The central bank injected 17 billion lira ($2.8 billion) in the repo, the first since it suspended them on May 9. It lowered the lira interest rate in swap transactions to 24% from 25.5%. Bankers said this would gradually lower the average cost of funding by the same amount, to the bank’s policy rate of 24%.
The steps came as investors weighed up Turkey’s banking watchdog decision to impose a one-day settlement delay for FX purchases of more than $100,000 by individuals. Bankers said that move could raise concerns about capital controls.
“The administration seems to be increasingly desperate to keep the lira stable at all costs ahead of the re-run of the crucial vote in Istanbul,” said Rabobank emerging markets forex strategist Piotr Matys, commenting on the forex purchases move.
“Instead of providing investors with a much needed assurance, such measures will have the opposite effect, as the market will interpret it as rising interference in the banking sector.”
The decision by election authorities to re-run the Istanbul mayoral vote has fueled concerns about an erosion of democracy and unnerved financial markets, helping push the lira down another 13% this year. The ruling AK Party’s narrow defeat in the initial election in March was the first time in 25 years that President Tayyip Erdogan’s party or its Islamist predecessors had lost control of Turkey’s biggest city.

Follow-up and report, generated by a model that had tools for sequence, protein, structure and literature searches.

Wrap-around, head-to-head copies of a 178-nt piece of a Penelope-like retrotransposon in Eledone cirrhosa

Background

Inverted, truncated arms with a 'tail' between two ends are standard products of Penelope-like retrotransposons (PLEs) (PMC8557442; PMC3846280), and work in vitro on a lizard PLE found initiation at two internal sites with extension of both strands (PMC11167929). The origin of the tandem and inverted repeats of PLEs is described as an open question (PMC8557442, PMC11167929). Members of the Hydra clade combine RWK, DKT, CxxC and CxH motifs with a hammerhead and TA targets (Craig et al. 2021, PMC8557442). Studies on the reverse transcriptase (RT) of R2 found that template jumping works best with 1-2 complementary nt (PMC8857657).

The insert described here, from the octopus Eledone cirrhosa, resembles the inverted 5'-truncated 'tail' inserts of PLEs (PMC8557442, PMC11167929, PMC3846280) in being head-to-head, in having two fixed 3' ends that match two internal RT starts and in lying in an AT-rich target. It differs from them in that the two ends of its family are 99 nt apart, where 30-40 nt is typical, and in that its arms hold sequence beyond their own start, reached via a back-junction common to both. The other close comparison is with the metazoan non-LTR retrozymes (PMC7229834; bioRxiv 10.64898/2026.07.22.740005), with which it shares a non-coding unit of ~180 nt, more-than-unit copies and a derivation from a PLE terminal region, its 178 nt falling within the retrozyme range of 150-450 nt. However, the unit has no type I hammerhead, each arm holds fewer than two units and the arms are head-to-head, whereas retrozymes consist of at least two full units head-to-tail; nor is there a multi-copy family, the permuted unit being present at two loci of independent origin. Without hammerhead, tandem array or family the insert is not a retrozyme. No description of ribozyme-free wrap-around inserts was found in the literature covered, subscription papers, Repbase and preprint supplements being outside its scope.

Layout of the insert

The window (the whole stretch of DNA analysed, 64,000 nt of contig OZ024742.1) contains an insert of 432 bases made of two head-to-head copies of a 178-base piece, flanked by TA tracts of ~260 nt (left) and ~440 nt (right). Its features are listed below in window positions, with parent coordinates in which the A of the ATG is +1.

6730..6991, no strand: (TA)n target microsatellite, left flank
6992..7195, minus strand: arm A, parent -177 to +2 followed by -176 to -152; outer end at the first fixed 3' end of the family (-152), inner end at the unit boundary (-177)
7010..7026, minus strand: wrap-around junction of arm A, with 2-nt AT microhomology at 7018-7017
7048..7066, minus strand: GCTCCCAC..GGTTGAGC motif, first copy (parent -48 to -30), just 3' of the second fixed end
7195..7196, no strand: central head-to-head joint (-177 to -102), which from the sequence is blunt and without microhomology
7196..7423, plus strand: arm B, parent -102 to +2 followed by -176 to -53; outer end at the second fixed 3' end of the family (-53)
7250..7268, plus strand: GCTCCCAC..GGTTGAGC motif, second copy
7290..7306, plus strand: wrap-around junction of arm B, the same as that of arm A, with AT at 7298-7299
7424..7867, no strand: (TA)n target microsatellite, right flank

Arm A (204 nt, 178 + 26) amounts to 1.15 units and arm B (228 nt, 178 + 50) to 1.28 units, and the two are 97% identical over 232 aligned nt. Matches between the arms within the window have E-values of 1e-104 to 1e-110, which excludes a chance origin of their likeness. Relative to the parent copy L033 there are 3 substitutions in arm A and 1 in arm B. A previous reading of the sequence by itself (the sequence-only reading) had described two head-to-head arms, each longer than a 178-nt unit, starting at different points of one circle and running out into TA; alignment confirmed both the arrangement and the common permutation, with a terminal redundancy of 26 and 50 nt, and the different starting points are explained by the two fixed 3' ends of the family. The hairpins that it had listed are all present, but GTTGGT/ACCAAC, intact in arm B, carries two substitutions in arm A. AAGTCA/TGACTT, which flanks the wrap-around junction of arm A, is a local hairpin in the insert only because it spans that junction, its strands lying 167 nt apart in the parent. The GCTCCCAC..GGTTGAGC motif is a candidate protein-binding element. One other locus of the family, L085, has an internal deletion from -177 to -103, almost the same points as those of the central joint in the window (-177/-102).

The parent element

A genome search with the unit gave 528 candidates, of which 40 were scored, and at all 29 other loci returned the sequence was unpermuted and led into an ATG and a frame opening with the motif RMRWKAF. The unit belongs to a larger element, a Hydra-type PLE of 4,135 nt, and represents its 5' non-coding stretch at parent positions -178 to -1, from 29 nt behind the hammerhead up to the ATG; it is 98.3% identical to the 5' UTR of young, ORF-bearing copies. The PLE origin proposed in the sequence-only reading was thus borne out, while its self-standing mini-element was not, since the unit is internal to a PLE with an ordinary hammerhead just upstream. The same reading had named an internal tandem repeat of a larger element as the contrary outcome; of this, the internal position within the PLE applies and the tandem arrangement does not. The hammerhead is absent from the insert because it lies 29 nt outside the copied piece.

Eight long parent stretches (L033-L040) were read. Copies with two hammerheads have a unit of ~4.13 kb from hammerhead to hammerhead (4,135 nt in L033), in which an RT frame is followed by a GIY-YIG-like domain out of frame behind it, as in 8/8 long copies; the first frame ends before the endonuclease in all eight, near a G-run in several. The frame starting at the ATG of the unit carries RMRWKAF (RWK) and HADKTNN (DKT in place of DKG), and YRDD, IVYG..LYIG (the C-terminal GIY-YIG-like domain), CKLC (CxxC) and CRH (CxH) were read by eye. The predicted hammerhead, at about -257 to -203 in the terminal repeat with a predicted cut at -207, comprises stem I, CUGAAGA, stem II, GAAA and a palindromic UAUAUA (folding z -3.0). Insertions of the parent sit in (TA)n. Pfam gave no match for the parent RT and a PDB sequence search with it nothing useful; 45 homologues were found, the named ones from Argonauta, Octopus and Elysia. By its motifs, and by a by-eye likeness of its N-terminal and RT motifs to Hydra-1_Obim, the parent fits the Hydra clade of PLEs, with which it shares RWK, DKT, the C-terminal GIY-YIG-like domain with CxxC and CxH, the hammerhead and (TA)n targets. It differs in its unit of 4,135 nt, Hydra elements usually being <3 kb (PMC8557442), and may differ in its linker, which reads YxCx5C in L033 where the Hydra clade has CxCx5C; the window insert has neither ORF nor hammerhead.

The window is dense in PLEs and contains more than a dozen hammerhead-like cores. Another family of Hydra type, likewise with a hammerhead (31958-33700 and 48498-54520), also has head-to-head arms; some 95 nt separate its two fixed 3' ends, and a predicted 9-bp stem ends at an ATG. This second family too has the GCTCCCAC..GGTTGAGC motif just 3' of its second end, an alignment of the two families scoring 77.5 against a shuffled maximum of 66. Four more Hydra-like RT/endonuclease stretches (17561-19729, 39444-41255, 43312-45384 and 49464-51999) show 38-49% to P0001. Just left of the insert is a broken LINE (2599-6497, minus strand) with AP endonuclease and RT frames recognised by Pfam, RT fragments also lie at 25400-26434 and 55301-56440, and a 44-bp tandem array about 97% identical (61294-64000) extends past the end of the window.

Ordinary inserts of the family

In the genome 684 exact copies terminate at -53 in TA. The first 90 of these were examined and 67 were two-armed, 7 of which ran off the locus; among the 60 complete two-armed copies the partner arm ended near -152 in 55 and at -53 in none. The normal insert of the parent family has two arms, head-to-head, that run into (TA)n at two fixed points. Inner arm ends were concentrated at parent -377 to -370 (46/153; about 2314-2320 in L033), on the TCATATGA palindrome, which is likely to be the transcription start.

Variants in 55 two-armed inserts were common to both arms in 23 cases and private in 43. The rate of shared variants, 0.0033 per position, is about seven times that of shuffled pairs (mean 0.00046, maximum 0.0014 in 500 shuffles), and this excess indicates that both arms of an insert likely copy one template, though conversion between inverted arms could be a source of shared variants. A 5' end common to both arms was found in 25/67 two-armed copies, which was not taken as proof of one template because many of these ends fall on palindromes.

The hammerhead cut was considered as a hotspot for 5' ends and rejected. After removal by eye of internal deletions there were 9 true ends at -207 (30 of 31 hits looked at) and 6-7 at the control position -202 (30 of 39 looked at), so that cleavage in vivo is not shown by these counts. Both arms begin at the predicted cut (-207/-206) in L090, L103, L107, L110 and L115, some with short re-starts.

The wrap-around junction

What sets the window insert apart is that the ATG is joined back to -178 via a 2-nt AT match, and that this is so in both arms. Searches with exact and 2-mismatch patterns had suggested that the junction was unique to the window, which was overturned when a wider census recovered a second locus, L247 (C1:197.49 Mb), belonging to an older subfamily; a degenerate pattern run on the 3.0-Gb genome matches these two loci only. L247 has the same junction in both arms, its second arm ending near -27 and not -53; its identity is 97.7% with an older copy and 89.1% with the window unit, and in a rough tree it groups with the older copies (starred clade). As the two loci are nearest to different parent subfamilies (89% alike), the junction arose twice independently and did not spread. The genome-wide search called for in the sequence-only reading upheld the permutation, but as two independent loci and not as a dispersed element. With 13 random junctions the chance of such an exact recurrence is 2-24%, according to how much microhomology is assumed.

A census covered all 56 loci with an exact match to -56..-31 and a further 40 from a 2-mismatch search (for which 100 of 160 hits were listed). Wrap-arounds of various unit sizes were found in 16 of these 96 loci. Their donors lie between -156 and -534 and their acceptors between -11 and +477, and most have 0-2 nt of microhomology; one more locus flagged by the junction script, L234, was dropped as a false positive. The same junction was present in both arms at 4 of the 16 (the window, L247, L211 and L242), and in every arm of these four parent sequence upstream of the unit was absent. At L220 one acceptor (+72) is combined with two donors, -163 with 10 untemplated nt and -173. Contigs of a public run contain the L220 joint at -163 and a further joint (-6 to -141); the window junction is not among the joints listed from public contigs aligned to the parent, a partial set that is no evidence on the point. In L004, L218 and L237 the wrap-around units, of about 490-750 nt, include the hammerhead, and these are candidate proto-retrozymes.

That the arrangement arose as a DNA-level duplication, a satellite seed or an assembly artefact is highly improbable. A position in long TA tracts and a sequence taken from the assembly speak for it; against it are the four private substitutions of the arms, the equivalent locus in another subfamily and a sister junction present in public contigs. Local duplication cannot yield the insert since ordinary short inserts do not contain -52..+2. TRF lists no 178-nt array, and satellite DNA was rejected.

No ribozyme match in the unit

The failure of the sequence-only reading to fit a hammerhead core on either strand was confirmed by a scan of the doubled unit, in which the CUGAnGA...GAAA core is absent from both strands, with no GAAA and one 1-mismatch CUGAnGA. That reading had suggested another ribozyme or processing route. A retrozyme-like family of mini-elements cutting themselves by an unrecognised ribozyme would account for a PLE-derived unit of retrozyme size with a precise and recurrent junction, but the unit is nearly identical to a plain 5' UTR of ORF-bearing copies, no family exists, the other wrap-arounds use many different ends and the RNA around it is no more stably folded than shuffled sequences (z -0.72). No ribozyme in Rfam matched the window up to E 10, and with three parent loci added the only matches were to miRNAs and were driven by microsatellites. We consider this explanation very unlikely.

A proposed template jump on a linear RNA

Matys said the repo move was a contradictory measure at a time when Turkey needs to restore confidence in the lira.
“Such conflicting policies make Turkey increasingly unpredictable and keep the upside bias in USD/TRY intact,” he added, saying initial resistance was around 6.2282, with a break higher exposing the 6.46-6.50 area as the next potential target.
HIGH-FREQUENCY TRADERS TARGETED
A BDDK watchdog letter sent to banks on Monday said the settlement date for those purchases of more than $100,000 — or equivalent in other currencies — will be the following day.
“This one-day delay on FX transaction for retail investors is curious, especially when they take away the increase in rates in the morning,” said Charles Robertson, global chief economist at Renaissance Capital. “It’s a hint of capital controls, and the threat of more is implicit.”
Beste Naz Sullu, of Gedik Investment, said the BDDK was trying to curb foreign exchange speculation, but added that the market “does not like measures such as this much.”
The BDDK said on Tuesday the forex purchases move, effective from Tuesday, aimed to prevent “unnecessary and unjust harm” to the market, particularly by high-frequency traders.
Authorities have recently taken unorthodox steps to protect the currency, including state banks selling dollars. Ankara also raised a tax on some foreign exchange sales to 0.1% from zero last week to discourage Turks converting savings to foreign currencies.
Turks have flocked to foreign currencies in the months since last year’s crisis hit its peak in August, when the lira fell as much as 42% against the dollar.
The lira woes helped tip the economy into recession last year and Turkish Statistical Institute data on Tuesday showed consumer confidence tumbled to 55.3 points in May, the lowest level since the data was first published in 2004.
The main share index fell 1.26 percent.